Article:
3. As a sign language interpreter, I have to pipe up and say that ASL is one of the most difficult languages to learn (as an adult), despite the misconceptions people have about it (every word has a sign, and every word in a sentence is signed). It’s a visual, gestural language with a syntax very diferent from English, and you have to ENTIRELY and COMPLETELY change the way you think. You have to think in visual terms. Does that make ANY sense? And, when interpreting, you are communicating the meaning of an utterance — i/e, in English, we have about a bajillion meanings for the one word “run,” but in ASL, you sign the meaning/the concept behind it. Running a machine is different from running a meeting and running to the store and your running nose. Oh, it’s difficult to explain in writing!

    But ASL can also employ simultaneous communication, which makes it terrifically cool!

  4. Kate: I could go with the “behave as a different person,” absolutely! (Which must make life as a UN interpreter complicated as bejeezus.) Just to take one example (a rather dumb one, now that I’m thinking about it), Wikipedia is silent on the subject of whether “baby talk” is considered a whole different language, but BOY does simply using it change the way people interact in other ways. (One of the things that appealed to me about The Missus was that she never used baby talk with me.)

    Marta: I forgot you teach ESL. If what Kate says about becoming a different person applies… well, no, because now I recall you said somewhere that you teach ESL w/out actually being bilingual, right? (Sentences using more than one phrase like “teaching the conditional” and “teaching modals” kinda make my eyes water, I must say.)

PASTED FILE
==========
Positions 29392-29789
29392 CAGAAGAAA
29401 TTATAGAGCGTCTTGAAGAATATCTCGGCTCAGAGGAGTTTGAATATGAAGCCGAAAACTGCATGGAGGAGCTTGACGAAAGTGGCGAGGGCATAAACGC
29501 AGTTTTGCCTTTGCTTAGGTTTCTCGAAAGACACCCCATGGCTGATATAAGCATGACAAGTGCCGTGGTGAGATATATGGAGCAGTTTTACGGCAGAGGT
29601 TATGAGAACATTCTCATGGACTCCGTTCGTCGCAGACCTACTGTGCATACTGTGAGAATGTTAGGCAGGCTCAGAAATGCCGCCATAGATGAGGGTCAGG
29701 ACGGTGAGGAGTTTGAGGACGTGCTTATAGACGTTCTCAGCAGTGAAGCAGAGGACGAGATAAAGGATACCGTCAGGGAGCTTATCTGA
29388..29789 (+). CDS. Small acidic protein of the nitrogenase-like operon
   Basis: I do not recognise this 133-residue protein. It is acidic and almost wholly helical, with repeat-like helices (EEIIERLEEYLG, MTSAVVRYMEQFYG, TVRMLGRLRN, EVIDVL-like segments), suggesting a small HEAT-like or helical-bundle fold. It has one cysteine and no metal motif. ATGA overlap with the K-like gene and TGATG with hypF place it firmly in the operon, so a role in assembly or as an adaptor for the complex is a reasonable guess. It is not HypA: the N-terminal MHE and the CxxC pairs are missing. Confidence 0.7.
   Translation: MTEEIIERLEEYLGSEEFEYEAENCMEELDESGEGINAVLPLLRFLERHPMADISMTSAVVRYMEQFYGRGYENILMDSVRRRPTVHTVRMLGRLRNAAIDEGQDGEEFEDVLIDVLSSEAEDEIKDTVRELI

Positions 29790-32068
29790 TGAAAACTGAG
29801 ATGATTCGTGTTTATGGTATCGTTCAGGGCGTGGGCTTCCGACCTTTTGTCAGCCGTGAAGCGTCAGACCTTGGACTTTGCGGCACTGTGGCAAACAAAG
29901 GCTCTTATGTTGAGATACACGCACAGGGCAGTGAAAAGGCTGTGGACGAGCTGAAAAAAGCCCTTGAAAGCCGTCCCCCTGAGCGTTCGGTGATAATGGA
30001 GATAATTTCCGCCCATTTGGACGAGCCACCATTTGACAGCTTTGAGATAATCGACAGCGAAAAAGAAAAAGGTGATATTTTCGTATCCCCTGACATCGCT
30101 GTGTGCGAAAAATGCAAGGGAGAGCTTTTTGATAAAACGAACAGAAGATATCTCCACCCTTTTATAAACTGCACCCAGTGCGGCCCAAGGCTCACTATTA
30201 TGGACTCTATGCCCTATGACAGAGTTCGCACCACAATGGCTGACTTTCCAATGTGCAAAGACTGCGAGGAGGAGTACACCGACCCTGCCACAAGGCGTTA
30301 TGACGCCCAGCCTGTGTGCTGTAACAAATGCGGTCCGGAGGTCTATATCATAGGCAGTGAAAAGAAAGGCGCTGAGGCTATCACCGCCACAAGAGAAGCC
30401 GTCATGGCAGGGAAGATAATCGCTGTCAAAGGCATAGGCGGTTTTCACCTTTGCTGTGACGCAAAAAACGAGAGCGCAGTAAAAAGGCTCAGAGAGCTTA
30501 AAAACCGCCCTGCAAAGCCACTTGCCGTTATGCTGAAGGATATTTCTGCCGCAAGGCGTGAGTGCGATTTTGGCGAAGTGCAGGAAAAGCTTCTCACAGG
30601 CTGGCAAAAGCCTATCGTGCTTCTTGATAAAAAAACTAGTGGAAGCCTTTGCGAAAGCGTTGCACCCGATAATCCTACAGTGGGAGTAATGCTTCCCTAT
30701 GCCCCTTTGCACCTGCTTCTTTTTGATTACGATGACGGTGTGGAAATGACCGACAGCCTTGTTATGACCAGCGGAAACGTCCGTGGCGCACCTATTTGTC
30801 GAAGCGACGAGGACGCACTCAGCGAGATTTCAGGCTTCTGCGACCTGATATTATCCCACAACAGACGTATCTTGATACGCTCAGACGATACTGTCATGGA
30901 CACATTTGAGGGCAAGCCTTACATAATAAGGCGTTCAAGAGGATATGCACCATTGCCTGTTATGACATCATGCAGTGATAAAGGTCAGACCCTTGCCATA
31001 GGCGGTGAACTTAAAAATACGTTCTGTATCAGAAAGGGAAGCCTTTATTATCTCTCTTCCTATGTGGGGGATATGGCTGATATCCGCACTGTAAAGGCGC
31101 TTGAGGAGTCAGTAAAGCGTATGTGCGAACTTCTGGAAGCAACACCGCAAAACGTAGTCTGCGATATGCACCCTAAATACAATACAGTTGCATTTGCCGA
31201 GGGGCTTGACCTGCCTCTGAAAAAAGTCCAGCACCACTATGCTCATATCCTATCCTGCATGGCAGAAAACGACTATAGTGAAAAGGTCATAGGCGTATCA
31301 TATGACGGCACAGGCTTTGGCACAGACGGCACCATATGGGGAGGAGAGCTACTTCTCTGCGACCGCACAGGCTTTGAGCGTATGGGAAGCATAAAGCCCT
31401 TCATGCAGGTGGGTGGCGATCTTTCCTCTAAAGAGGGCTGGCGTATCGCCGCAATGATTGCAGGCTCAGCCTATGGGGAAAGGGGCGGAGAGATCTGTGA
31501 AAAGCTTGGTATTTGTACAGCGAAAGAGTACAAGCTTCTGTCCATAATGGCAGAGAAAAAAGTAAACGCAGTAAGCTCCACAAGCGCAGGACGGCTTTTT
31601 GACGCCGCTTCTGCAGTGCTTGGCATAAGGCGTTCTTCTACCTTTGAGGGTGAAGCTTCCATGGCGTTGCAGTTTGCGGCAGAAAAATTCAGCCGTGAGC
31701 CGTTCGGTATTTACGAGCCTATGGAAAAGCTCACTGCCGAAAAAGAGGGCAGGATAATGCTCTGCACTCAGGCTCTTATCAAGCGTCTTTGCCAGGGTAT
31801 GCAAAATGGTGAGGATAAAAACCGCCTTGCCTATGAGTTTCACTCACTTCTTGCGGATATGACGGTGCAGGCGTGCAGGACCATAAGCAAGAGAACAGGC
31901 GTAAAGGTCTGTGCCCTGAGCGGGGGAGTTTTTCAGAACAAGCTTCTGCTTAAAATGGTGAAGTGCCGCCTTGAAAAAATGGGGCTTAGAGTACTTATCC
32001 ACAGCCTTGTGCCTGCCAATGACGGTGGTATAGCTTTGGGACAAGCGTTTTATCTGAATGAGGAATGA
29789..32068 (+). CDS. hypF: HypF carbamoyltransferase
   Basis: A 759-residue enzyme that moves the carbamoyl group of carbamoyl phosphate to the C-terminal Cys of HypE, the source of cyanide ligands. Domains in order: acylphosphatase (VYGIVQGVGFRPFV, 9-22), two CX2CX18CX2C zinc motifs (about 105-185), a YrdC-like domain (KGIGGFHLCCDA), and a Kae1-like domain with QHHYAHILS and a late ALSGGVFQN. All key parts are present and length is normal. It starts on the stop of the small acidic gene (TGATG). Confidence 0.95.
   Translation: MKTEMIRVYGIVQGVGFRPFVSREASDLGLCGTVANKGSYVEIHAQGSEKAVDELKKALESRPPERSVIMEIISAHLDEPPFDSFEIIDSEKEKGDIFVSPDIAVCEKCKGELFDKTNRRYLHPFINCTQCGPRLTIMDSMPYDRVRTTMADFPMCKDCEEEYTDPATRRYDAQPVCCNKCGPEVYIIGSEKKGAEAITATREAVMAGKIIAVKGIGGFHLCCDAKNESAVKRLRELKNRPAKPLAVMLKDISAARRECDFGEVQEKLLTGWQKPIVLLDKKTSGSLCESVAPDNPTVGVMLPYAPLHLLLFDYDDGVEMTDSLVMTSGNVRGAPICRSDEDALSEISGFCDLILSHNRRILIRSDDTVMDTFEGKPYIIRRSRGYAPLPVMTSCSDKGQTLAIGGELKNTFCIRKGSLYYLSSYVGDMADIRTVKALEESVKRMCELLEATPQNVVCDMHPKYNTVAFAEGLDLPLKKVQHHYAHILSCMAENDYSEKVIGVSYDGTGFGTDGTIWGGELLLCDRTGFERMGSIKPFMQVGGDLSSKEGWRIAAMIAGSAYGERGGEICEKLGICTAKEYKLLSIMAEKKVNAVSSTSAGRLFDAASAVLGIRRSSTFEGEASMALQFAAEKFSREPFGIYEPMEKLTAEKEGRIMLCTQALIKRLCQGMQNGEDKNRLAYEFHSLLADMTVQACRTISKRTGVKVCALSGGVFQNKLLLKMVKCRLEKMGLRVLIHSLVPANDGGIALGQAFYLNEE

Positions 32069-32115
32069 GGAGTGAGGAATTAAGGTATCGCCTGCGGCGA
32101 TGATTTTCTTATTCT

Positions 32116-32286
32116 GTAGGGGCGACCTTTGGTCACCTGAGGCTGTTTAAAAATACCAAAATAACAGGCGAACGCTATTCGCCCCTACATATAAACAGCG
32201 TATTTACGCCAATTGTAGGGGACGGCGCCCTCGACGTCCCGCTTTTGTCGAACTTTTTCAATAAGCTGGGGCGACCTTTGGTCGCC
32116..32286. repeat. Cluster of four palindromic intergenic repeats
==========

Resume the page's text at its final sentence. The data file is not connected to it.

Jules: When I was training to be an English teacher, one of my “mentors” told me about an exercise she liked to give her junior-high students. The boys had to write a paper describing how to tie a necktie, and the girls had to write one describing how to wrap a package. [This was a fairly long time ago, when certain gender-role assumptions were safe ones.] Afterwards, one of the boys and one of the girls would read his/her paper aloud to a, well, a victim of the opposite sex — who had to follow the instructions EXACTLY… with predictably entertaining results.

    After reading your comment it suddenly dawned on me how blasted difficult that would have been if the instructions had to be rendered in ASL.

    By “simultaneous communication” you mean, like, sounding out things — maybe even DIFFERENT things — as you’re doing the signing?

  5. Nope, I mean….well, it’s hard to explain without showing you. There’s the sign for “day,” and there’s the sign for “three.” You can make the three handshape with one hand while, at the same time, signing day with the same hand to indicate “3 days.” Same for weeks, months, years, many other things. You can also use what are called classifiers in ASL (talk about changing the way you think — whew! Classifiers are challenging), which show the movement, location, and appearance of a thing. After a signer indicates a person or thing, a classifier can be used in its place to show where and how it moves, what it looks like, and where it is located. So, the classifer for “car” can be signed, and you can show the car swerving, swerving while driving quickly, while simultaneously showing the driver falling asleep….all of that, of course, indicating, say, someone falling asleep at the wheel and swerving from the road. All of those utterances/meanings communicated simultaneously, whereas in spoken English we have to take it one step at a time. :)

    Did you see this I posted at 7-Imp? http://blaine.org/sevenimpossiblethings/?p=906. Perfect display of classifiers in actions, not to mention one of the coolest ASL A-B-C poems I’ve ever seen.

  6. Jules: I made this the subject for today’s post. If you’re still following this thread of comments, please check to be sure I’ve presented things accurately.

    Thank you so much for opening up a previously unknown world of wonders!